Defending public services

Battles against privatisation and cuts

The Price of Progress: Capitalism and Cancer

After my breast cancer surgery, the factors which indicate whether I would benefit from chemotherapy were inconclusive. There was one further test available. The Oncotype DX test examines the activity of 21 genes in the tumour tissue of patients with early-stage oestrogen-receptor-positive (ER+) invasive breast cancer and calculates whether chemo will be effective or not.

My score was low (14/100), and so, like many others since this test was developed a few years ago, I do not have to go through the puking, hair-losing agonies of fighting cancer by throwing poisons at it. So far, so good.

So, what’s the catch? My tumour had to be sent to the USA to be tested. This took a few weeks, which delayed the start of my radiotherapy, reducing its effectiveness of in preventing the cancer returning. Radiotherapy is supposed to start within six weeks of surgery; mine started twelve weeks after. Only time will reveal the impact of this delay – but it could mean that my cancer comes back when it would not have done so otherwise.

Women's Cancers and Work: what trade unions can do

Each year, there are over 55,000 new diagnoses of breast cancer in the UK, 3,000 new diagnoses of cervical cancer, over 7,000 of ovarian cancer, over 9,000 of uterine cancer, and over 1,000 of vulval cancer. Nearly 12,000 UK women die each year from breast cancer, over 4,000 from ovarian cancer, over 2,000 from uterine cancer, nearly 500 from vulval cancer, and nearly 900 from cervical cancer. 

1 in 8 women will develop breast cancer during their lifetime. Think of all the women you know: one in eight of them. Think of all the women in your workplace and in your trade union: one in eight of them.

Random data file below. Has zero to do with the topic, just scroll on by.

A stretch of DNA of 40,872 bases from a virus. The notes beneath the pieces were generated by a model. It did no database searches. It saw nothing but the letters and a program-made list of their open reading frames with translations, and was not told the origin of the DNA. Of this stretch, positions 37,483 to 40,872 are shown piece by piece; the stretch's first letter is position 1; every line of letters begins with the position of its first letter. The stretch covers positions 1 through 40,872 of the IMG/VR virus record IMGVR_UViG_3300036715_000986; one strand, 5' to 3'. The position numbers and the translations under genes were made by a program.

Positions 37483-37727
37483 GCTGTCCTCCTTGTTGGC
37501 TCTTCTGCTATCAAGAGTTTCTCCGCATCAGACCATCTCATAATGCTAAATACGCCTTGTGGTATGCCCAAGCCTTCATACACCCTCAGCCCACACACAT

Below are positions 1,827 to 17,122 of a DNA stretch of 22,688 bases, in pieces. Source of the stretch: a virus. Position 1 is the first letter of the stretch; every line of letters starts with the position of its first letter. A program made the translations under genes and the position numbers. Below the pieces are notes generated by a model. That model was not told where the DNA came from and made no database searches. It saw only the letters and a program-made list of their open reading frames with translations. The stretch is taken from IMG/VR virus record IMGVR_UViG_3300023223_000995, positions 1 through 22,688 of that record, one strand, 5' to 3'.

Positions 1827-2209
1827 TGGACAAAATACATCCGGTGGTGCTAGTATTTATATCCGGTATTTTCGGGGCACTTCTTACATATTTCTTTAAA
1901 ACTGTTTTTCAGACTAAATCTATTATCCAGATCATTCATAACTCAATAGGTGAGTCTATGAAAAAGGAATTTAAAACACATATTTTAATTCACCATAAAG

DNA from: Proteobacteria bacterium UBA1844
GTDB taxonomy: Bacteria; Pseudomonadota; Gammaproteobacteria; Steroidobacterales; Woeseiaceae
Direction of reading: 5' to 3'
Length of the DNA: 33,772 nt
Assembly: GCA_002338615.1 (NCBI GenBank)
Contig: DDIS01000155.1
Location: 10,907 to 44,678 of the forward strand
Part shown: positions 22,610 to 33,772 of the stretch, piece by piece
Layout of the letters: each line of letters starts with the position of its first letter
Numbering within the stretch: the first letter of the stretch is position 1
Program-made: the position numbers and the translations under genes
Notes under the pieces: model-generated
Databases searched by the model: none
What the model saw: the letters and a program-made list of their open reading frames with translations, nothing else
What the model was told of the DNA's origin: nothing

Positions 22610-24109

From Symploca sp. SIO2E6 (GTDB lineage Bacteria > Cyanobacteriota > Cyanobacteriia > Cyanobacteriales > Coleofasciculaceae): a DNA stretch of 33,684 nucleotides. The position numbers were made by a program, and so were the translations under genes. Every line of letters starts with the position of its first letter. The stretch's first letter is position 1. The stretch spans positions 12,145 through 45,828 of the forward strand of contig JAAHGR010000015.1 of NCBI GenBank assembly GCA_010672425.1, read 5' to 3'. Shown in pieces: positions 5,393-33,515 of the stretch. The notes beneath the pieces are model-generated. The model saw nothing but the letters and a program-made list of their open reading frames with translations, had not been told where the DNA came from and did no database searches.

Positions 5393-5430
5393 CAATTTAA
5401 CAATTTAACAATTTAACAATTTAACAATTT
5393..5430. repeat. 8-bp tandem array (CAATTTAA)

Research has linked 4-5% of breast cancer cases to shift work, due to circadian (body clock) disruption and exposure to artificial light at night. Studies have shown that breast cancer risk is 21% higher in women who have ever experienced circadian disruption, mainly through night work, compared with those who have not. Exposure to certain substances at work also increases the risk of breast and other women's cancers.

#TubeStrike

I proper hate those Tube strikers
  they've well messed up my day
I'm late for tea at City Hall
  I walked most of the way
And then found out the CEO
  had nicked my parking bay

On every other day I don't
  give them a second thought
They work to run the railway safely?
  Nothing of the sort!
I know they're lazy bastards 'cos
  I saw the news report

You'll SHARE if you CARE

Today, little hearts have been appearing on Facebook walls. No message, no explanation, just a heart. Apparently this will help the fight against breast cancer. Huh?

Some undoubtedly well-meaning friends messaged me (and probably all their other friends) asking me to post said heart. Instead, I posted this:

A Communication Cock-up and a Transatlantic Trip

Readers may recall that at my last appointment with the breast surgeon (2 December), I was told that I was being referred to the oncologist to determine what treatment I need to have next. I'd hear from them within two weeks, and I should feel free to chase this up. So, naturally I did - repeatedly - and was told - repeatedly - that said appointment would be today or tomorrow.

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